Website Content Editing

Modern Campus (Omni) Content Management System (CMS)

Website purpose: is designed to draw prospects, inquiries and applicants, and provide limited support for current students and employees.

Welcome, BCC colleagues! Thank you for your interest in editing content on the BCC website.

You may add and update text; however, please submit a Marketing request form for the following tasks:

  1. Creating new pages
  2. Uploading new image and PDF files
  3. Developing new layouts
  4. Organizing content
  5. Changing the navigation
  6. Building contact forms

What-you-see-is-what-you-get (WYSIWYG) Editor

Save your edits frequently — by default, Modern Campus will log you out after a few hours, even if you are actively working in the system.

New to the Modern Campus CMS? Visit Modern Campus™ to get started.

Best Practices

If you prefer to have Marketing edit your pages, please send a request for revisions, forms, media embeds or new pages.

Web Accessibility Basics

Text Links
  • Use language that briefly defines where a link will take the user, if possible.
  • Make sure link text makes sense, even out of context.
  • Make every text link and link destination in a page unique.
Online PDF Files
  • Use high contrast, such as black text on a white background.
  • Use bold or italics for emphasis, not all caps.
  • Avoid complex tables or tables with empty cells.
  • Write out the text contained in graphics.
  • Provide alternative text for images.
  • Summarize chart and graph results.
  • Never use color alone to convey information.
  • Link to PDFs instead of embedding them.
  • Never share PDF files that contain scans.
  • Run accessibility and security checks.

BCC In-House Copywriting Guidelines

Below is an outline of some of the tips for writing on behalf of the College:

  • BCC In-house Style Guide

    When writing for the College, the first thing to know is that the Marketing and Communications department follows the AP Guidelines for writing, since it produces over 100 press releases a year and crafts more than 20 Spotlights a year.

    Some quick hints about AP style to keep in mind:

    • There is no Oxford comma.
    • Write out any numbers below nine — and then use numerals for any number 10 and above.
    • As a general rule, avoid alphabet soup.
    • For higher education, use associate degree, not associate's degree
    • Do not use st, nd, rd, or th with dates, and use Arabic figures. (Example: April 3, not April 3rd.) Always capitalize months. Spell out the month unless it is used with a date. When used with a date, abbreviate only the following months: Jan., Feb., Aug., Sept., Oct., Nov. and Dec.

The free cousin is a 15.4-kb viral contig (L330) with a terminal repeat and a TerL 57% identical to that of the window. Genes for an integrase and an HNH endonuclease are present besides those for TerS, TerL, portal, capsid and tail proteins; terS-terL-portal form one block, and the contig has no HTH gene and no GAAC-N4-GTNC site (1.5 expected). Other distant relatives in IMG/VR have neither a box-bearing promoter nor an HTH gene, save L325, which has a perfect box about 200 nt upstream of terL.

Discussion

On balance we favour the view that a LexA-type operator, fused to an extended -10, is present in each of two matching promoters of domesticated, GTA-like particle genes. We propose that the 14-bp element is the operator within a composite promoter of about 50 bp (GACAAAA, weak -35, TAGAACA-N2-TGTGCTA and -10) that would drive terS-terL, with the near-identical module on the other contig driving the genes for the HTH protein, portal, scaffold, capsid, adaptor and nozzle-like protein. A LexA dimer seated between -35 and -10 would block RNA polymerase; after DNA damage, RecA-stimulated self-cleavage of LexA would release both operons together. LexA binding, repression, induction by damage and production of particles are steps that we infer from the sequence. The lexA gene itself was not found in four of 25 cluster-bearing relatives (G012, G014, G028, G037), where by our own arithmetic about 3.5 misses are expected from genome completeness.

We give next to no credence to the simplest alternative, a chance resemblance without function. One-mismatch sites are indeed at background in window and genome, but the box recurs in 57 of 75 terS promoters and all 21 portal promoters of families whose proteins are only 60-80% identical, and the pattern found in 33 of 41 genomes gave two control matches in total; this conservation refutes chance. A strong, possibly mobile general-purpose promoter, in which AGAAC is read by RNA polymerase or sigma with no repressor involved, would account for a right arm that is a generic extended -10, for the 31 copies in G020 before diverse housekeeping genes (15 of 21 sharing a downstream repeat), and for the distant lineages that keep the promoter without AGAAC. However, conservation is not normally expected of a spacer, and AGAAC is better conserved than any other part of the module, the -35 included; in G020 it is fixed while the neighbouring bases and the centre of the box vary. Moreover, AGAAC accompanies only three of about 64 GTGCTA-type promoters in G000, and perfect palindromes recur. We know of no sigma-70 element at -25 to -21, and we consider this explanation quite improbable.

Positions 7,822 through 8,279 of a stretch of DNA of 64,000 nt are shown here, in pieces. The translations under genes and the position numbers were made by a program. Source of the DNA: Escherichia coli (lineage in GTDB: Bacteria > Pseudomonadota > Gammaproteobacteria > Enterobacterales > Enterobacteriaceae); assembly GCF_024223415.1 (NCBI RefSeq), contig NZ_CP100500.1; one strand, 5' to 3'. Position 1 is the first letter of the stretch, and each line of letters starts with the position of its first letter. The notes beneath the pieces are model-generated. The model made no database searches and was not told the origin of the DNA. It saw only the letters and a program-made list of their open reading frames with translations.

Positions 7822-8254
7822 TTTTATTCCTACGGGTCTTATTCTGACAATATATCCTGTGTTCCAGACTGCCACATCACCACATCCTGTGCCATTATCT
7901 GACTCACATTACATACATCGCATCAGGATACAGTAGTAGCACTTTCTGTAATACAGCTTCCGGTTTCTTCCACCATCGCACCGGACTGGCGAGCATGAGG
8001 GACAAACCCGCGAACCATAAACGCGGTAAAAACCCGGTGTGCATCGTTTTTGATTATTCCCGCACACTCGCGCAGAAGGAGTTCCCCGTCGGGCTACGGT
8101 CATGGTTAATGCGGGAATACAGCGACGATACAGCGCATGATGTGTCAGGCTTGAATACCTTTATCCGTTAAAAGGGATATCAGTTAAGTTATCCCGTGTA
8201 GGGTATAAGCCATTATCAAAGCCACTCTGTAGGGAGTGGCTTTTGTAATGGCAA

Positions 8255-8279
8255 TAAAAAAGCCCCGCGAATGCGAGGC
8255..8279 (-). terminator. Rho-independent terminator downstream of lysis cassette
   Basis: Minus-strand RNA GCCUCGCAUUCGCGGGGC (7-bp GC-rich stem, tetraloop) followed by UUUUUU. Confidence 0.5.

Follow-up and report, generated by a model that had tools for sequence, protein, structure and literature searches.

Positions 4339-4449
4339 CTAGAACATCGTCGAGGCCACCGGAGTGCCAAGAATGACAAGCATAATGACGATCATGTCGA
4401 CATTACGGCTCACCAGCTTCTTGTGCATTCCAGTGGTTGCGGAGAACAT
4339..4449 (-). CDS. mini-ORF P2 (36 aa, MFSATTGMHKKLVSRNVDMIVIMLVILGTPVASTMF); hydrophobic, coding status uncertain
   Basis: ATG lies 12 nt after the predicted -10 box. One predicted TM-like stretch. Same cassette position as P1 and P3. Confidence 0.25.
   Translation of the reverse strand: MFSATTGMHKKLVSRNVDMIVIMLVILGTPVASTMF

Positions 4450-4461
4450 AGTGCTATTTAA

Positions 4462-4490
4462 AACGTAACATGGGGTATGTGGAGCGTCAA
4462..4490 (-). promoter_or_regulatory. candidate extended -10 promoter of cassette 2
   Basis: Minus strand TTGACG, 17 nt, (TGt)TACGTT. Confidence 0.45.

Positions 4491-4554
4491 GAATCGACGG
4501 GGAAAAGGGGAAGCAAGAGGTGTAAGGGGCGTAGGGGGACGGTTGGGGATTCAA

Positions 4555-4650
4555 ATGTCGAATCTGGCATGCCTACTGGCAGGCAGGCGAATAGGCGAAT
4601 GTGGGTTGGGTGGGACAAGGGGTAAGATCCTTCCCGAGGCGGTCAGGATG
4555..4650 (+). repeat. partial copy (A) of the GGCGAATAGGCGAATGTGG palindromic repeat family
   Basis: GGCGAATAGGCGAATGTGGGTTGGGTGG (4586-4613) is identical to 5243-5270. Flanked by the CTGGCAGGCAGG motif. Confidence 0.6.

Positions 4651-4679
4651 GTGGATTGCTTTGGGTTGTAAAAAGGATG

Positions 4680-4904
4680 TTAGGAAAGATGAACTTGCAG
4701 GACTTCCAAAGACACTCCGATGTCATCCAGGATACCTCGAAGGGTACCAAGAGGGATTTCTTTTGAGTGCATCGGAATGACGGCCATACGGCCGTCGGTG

• Commas are not necessary if only a year and month are given, but commas should be used to set off a year if the date, month and year are given.
      • Use the letter s but not an apostrophe after the figures when expressing decades or centuries. Do, however, use an apostrophe before figures expressing a decade if numerals are left out. (Example: 1960s, not 1960's. Or: '60s.)
    • Commas and periods go inside quotation marks.
    • Use "and" instead of ampersands unless an ampersand is an official part of an organization's name.
    • Seasons are always lowercase unless used in a formal name like Winter Olympics.
    • For times, use figures, but spell out noon and midnight. Use a colon to separate hours from minutes, but do not use :00. Examples: 1 p.m., 3:30 a.m. Note the space between "3:30" and "a.m."
    • If mention of degrees is necessary to establish someone's credentials, the preferred form is to avoid an abbreviation and use instead a phrase such as: Fatima Kader, who has a doctorate in psychology.
      • Use an apostrophe and no initial capitals for general degrees (e.g., bachelor's degree, master's degree), but use initial caps and no apostrophe in specific degrees (Bachelor of Arts or Master of Science).
      • Also: an associate degree (no possessive).
      • Use such abbreviations as B.A., M.A., LL.D. and Ph.D. only when the need to identify many individuals by degree on first reference would make the preferred form cumbersome. Use these abbreviations only after a full name — never after just a last name. Do not use Dr. and Ph.D. — use one or the other.

    College-specific nuances:

    • When referring to BCC, capitalize the C in College, e.g., "the College has a plan to…" as opposed to "the college has a plan to …"
    • If listing statistics or dates — break this information out into bullets or use tables.
    • When using quotes, the rule should be to start each quote as a new paragraph unless you are breaking up a longer quote with the author of the quote in the middle.
    • When referring to the College, treat it as an institution as opposed to using the collective "we."
    • Less is always more — try to be concise when writing.
    • Capitalize titles in most instances; do not capitalize informal titles like professor unless using the full, official title, e.g. "Associate Professor of Biology."
    • Imagine you are writing for a fifth grader — avoid complex terms and academic speak unless the audience demands it (see: NECHE reporting, etc.)